Johnson's Differentiation Theory: Is It Really Empirically Supported?

30 Pages Posted: 17 Oct 2015 Last revised: 1 Nov 2015

See all articles by Joan S. Meier

Joan S. Meier

George Washington University - Law School

Date Written: 2015


Michael Johnson's differentiation of different "types" of domestic violence has had significant impact on the field, including courts and providers. Yet aspects of the typology, in particular, Johnson's claim that non-control-based "situational couple violence" is by far the most common form of domestic violence, have been problematic, particularly in family courts. The quasi-scientific label is already being used by judges and evaluators to minimize abuse claims brought by one parent against the other. One reason Johnson's typology has been so quickly and widely accepted is its claim to an empirical basis. But what do the data actually prove? In this article, Professor Meier takes a close look at the studies and data Johnson references and finds them substantially lacking in the empirical "proof" he asserts they provide. In fact, the studies might well support an opposite conclusion to Johnson's: that control-based abuse is far more common than truly "situational" domestic violence.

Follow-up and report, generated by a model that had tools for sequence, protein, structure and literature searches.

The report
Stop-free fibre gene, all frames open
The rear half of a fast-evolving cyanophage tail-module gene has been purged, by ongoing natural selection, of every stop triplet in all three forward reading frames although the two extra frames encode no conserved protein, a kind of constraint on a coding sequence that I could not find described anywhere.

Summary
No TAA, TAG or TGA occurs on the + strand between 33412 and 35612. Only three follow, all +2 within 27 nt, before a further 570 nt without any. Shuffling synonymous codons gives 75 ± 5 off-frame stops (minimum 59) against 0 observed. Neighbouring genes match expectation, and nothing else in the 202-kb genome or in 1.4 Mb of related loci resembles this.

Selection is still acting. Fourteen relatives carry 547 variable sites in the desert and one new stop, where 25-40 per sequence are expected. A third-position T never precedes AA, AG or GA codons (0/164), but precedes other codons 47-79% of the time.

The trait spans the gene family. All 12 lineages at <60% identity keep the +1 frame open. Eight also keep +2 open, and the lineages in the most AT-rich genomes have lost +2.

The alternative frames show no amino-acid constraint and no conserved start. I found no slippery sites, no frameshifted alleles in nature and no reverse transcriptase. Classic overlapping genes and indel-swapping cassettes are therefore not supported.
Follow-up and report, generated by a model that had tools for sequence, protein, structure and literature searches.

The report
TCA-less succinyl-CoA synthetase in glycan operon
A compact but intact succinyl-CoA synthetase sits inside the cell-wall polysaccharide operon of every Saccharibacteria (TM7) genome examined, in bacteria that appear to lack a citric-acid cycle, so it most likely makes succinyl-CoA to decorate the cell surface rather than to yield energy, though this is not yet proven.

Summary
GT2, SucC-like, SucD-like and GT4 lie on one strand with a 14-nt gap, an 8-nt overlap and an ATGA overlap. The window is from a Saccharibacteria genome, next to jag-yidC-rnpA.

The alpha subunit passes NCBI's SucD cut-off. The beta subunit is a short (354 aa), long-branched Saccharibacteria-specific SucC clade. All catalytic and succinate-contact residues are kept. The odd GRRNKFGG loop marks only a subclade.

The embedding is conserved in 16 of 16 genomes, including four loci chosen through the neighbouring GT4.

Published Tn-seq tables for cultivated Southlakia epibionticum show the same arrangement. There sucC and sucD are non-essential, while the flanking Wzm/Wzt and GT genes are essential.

Keywords: children, abuse, custody, family court, domestic violence, quantitative research

Suggested Citation

Meier, Joan S., Johnson's Differentiation Theory: Is It Really Empirically Supported? (2015). Journal of Child Custody, Vol. 12, No. 1, pp. 4-24, 2015 ; GWU Law School Public Law Research Paper No. 2015-41; GWU Legal Studies Research Paper No. 2015-41. Available at SSRN:

Joan S. Meier (Contact Author)

George Washington University - Law School ( email )

2000 H Street, N.W.
Washington, DC 20052
United States

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